Programming Languages for Accessible and Inclusive Tools
@ UC Berkeley EECS
PL for Social Good
We invent usable programming tools to help teams working for social good—social scientists, journalists, lawyers, domain experts focused on marginalized groups. (Working for social good and struggling to write code or process data? Get in touch!)
We combine techniques from Programming Languages and Human-Computer Interaction to make programming languages and programming tools that work better for coders and non-coders alike.
New paper at FAccT '23
Hellina published the first paper of her Ph.D. journey at FAccT 2023! Check out Co-Designing for Transparency: Lessons from Building a Document Organization Tool in the Criminal Justice Domain.
Two papers at CHI '23 ⛵
Parker and Eric each published the first papers in their Ph.D. journies! Check out A Need-Finding Study with Users of Geospatial Data and Understanding Version Control as Material Interaction with Quickpose.
Sarah E. Chasins
Hellina Hailu Nigatu
David Minh-Duy Cao
Energy & Resources Group Ph.D. Student, EECS M.Sc.
Undergraduate Student Assistant
A Need-Finding Study with Users of Geospatial Data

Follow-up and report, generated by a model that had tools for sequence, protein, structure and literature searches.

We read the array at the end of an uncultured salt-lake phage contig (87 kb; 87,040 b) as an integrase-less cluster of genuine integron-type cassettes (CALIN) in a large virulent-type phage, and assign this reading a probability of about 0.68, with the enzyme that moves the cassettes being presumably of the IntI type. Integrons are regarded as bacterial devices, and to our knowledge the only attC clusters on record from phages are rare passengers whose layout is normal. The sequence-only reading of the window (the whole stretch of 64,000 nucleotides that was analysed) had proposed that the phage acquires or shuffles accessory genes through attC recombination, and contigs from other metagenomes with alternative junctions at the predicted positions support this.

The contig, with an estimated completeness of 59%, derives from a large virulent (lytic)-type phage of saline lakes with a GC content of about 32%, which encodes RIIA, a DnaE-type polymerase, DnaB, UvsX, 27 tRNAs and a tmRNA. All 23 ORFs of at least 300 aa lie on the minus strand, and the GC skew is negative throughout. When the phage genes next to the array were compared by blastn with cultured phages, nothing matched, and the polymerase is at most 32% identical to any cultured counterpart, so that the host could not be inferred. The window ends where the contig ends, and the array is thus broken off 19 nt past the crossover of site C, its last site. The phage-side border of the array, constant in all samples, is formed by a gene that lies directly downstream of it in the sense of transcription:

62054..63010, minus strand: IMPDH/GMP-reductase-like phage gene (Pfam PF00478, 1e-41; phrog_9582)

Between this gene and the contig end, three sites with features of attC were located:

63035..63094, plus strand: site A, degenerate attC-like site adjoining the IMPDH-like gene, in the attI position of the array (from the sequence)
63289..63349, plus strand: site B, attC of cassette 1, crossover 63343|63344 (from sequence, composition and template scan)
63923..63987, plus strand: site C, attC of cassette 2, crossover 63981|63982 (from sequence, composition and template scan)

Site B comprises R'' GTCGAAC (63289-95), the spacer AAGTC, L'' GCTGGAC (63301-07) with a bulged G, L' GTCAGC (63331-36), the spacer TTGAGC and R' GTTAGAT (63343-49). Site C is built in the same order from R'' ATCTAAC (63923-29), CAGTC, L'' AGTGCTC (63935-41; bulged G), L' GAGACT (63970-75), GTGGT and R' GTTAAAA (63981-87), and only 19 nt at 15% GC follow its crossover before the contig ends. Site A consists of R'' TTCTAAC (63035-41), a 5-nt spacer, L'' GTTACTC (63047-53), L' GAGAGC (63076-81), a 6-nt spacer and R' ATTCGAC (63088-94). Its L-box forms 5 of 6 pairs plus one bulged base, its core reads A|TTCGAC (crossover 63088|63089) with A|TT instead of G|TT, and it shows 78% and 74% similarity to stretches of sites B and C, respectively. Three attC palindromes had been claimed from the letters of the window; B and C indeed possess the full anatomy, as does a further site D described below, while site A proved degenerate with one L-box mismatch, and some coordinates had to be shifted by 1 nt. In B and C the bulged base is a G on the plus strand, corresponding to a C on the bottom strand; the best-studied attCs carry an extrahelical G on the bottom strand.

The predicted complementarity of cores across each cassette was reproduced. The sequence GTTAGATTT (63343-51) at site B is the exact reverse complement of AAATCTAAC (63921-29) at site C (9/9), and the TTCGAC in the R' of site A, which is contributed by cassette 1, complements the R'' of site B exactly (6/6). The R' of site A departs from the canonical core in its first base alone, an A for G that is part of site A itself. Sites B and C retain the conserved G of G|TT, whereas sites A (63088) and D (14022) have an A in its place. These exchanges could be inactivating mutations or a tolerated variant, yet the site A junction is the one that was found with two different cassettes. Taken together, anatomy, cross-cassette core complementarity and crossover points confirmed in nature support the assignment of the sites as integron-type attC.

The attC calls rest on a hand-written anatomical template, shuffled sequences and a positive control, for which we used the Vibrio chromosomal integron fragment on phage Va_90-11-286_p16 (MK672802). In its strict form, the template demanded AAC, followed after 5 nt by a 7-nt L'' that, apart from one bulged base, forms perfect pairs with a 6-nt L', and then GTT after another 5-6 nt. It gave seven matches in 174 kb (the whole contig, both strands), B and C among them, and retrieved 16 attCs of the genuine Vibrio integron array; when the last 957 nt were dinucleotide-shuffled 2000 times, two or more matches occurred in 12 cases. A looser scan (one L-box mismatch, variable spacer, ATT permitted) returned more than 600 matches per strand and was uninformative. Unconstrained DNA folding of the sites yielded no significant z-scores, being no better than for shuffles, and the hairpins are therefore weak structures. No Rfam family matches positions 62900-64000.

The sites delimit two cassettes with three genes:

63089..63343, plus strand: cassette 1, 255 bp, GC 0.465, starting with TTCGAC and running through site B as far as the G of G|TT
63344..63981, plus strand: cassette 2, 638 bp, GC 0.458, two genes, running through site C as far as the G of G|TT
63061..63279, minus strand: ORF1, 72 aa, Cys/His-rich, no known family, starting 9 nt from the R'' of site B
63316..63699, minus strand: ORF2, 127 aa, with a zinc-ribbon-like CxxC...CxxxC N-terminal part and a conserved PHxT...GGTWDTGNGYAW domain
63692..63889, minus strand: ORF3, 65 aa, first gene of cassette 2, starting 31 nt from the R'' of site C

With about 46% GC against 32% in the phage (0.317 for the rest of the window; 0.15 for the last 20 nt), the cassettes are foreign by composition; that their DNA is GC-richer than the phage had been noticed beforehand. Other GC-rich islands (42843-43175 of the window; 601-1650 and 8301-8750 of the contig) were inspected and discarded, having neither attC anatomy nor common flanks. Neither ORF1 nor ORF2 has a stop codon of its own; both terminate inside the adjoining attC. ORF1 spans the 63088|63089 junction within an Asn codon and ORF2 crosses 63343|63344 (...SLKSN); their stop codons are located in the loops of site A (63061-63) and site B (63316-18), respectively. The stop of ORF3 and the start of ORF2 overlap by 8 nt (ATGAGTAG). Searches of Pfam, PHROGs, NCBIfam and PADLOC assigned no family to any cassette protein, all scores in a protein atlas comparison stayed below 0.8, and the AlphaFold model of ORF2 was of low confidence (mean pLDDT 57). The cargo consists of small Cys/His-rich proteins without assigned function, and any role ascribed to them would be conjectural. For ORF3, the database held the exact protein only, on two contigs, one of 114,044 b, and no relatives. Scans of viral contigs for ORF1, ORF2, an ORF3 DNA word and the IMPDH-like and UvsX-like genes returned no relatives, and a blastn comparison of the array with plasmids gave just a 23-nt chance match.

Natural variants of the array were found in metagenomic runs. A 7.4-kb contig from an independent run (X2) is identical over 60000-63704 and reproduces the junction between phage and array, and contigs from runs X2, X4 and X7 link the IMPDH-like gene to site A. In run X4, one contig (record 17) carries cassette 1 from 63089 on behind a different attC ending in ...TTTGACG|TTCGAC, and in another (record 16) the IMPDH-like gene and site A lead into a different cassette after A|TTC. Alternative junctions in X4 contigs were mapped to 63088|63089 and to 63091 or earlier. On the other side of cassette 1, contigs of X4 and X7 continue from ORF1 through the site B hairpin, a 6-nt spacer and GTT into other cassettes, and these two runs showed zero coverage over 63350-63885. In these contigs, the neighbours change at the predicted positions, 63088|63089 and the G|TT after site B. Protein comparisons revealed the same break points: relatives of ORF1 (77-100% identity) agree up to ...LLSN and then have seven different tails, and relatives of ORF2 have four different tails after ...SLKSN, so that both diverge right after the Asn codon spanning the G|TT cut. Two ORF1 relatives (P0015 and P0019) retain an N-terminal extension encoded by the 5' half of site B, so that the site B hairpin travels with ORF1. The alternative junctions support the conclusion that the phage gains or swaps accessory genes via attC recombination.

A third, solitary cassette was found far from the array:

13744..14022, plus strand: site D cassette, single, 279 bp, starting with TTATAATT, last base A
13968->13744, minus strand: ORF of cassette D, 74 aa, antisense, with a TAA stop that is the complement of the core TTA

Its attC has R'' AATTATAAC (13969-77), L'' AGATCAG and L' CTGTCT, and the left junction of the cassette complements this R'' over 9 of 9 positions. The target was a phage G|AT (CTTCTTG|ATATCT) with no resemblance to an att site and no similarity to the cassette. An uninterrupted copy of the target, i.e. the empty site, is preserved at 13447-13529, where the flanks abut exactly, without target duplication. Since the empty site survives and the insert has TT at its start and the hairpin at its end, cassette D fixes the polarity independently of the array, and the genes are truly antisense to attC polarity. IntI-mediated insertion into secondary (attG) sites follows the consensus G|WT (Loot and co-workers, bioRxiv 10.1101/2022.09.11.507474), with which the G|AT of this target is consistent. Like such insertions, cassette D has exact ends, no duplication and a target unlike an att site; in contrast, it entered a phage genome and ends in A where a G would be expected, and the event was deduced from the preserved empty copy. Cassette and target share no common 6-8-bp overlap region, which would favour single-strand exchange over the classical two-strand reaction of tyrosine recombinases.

A contextual inquiry study exploring the challenges users face in finding, transforming, analyzing, and visualizing geospatial data, drawing on participants from Earth and climate science, the social sciences, and data journalism.
DOT: Building a Document Organization tool for the Criminal Justice Domain
A cross-discipline co-design project to build a Document Organization Tool for public defenders and investigative journalists working on police use-of-force and misconduct data disclosures.
Enabling API Upgrades
Program transformation tooling for library developers could enable them to ease the upgrading burden when introducing API breaking changes for their downstream users.
Entity Extraction From Police Records
Program synthesis tool to match documents based on locational similarities.
FLOR: Fast Low-Overhead Recovery
A hindsight logging toolkit for model training.
Programming-by-demonstration tool for automating repetitive interactions with webpages. Designed for non-programmers from the social sciences.
How Statically-Typed Functional Programmers Write Code
A grounded theory of how statically-typed functional programmers write code, covering domain modeling, type construction, focusing techniques, exploratory strategies, mental models, and expressions of intent. Ongoing work: collecting programmers’ fine-grained edit histories and developing analyses to parse and understand their behaviors over time.
Understanding Version Control as Material Interaction with Quickpose
A version control tool for creative programmers. We used this tool to study how people use different versions of their programs in their process—navigating between, annotating and arranging, and backtracking to previous versions of their programs.